The Vuvuzela World Cup

The 2010 World Cup has effectively been rebranding as the Vuvuzela World Cup – for all intents and purposes, they are bigger than England’s dreams of fluking to another title, Italy’s paranoid delusions or the hype that Spain, Brazil and Messi have received in the last year or two.

It also brings home an interesting point about football matches, one that has repeatedly been raised since the influx of TV money and its influence on the beautiful game.

Is the television audience more important than the fans in the stands?

Yes and no. Matchday revenue for football clubs is still higher than the TV revenues they receive, but that doesn’t take into account the dozens of corporate football sponsorships the clubs are able to sell as a result of their matches (and by extension, their advertising boards, the team shirt and what not) being broadcast to a global audience.

TV money is a key driver of growth in the sport, be it improving standards of club football or spending more to improve fan facilities. And yes, to fund wages that seem outrageous to many football fans.

But fans are an essential part of the match, they are the atmosphere, the setting, the backdrop against which the match takes place. Not only the TV viewers would find watching a match with no fans in the stands weird, players regularly state strong fan support from the stands as a factor in their performances on the pitch.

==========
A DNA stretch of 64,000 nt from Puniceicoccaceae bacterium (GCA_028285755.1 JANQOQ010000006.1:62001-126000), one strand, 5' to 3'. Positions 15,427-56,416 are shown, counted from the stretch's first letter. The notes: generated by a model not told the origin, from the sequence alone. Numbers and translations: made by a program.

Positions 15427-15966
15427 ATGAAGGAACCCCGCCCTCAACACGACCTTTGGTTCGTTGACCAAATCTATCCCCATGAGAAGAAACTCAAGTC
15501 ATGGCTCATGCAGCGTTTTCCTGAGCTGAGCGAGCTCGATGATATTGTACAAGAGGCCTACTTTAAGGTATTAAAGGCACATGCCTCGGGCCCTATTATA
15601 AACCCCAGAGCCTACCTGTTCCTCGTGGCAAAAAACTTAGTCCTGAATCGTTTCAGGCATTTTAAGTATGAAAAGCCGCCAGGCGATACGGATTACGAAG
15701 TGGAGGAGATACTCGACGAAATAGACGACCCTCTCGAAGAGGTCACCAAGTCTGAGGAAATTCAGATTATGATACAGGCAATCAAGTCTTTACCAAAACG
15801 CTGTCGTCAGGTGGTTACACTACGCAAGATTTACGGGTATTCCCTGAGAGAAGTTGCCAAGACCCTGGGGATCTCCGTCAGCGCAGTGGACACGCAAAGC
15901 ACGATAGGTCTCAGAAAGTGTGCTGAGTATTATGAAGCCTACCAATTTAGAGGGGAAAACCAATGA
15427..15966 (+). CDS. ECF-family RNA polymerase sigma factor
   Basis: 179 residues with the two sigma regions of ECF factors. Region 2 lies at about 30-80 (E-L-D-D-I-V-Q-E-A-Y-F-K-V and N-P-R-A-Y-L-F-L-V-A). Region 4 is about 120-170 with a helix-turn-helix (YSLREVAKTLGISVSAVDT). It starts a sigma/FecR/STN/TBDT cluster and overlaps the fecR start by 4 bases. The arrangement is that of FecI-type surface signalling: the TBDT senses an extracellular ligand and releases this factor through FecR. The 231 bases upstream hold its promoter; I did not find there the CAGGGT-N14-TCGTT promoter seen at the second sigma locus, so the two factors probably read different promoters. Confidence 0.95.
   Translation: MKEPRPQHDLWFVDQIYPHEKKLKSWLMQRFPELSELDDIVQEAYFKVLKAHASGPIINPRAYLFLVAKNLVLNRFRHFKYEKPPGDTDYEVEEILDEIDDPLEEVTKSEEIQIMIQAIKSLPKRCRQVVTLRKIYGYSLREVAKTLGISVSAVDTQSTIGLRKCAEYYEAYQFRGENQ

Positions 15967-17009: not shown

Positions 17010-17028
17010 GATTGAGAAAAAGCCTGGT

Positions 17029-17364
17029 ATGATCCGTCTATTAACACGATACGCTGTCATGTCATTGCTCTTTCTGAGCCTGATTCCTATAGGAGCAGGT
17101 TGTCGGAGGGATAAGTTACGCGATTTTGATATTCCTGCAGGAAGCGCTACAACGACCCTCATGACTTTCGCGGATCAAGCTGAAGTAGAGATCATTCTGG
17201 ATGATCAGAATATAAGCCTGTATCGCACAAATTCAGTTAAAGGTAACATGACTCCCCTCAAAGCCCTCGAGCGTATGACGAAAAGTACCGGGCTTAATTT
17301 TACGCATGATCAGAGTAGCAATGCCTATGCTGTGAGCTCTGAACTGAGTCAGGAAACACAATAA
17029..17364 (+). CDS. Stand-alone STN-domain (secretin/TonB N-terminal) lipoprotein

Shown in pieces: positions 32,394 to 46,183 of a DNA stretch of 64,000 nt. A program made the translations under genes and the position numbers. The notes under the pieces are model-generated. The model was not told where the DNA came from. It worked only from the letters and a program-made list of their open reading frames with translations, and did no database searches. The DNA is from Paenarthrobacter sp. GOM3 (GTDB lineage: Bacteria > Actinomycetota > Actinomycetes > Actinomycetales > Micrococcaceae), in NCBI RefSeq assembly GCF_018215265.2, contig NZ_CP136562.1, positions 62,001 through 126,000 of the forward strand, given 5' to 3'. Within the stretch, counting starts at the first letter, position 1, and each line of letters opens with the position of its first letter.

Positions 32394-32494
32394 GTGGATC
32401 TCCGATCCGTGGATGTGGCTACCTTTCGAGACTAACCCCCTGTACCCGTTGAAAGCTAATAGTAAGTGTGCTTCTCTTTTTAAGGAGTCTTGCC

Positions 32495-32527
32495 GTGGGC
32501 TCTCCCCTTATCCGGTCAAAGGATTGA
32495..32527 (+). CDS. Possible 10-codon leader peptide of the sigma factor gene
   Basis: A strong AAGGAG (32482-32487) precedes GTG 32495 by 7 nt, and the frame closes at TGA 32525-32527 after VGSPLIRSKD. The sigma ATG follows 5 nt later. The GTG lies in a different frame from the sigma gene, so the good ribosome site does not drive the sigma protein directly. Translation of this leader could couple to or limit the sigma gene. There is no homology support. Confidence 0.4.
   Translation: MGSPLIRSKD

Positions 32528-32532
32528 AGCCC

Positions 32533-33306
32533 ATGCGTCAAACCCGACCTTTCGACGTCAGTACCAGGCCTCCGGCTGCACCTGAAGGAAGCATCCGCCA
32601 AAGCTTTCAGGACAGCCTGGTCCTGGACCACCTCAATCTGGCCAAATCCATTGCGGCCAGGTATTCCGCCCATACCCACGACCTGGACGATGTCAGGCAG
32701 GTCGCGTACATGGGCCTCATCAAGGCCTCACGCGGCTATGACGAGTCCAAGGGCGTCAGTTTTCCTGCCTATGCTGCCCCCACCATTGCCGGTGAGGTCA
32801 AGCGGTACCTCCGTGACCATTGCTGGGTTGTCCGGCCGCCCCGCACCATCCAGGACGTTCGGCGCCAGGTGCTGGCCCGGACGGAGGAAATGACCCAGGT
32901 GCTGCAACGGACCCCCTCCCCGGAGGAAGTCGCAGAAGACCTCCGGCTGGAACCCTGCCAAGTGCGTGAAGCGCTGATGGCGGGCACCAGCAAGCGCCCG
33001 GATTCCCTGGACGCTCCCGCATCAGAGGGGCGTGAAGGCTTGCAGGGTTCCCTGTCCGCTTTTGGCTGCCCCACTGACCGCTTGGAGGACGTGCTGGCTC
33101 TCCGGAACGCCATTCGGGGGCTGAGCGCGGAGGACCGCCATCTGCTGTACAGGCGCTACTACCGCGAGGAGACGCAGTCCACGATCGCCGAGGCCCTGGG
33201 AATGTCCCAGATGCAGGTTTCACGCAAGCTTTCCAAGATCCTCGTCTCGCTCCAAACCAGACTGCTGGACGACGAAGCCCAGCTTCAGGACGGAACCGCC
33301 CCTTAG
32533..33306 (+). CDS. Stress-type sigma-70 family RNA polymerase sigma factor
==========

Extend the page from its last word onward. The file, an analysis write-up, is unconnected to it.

The fans who watch the game live matter. There’s no getting around it.

The Vuvuzela – Please Don’t Try This At Home

Most fans traveling to the World Cup are buying them. So are the players (for their kids back home). It’s a great souvenir, a memento from a rare life experience, and a lovely football gift (until they flood the market and it goes out of style, fast). But it has little place outside the football arena, where it has become an integral part of enjoying the World Cup experience in South Africa.

It’s in stark contrast to the millions of fans watching the matches on TV, where even a 5-second clip of match highlights can drive you to hate them, where the constant buzzing can be mistaken for your phone getting an SMS (@andybrassell), where you explore every possibility to stop them and then some (@christoy) and where you even come up with the devuvuzelator, an audio plugin to ‘filter’ the low drones’ of the vuvuzelas if you’re watching the World Cup online (@geeksaresexy).

Whatever the case, we know this – this is the Vuvuzela World Cup, and admit it, if you were there, you’d be blowing it too.

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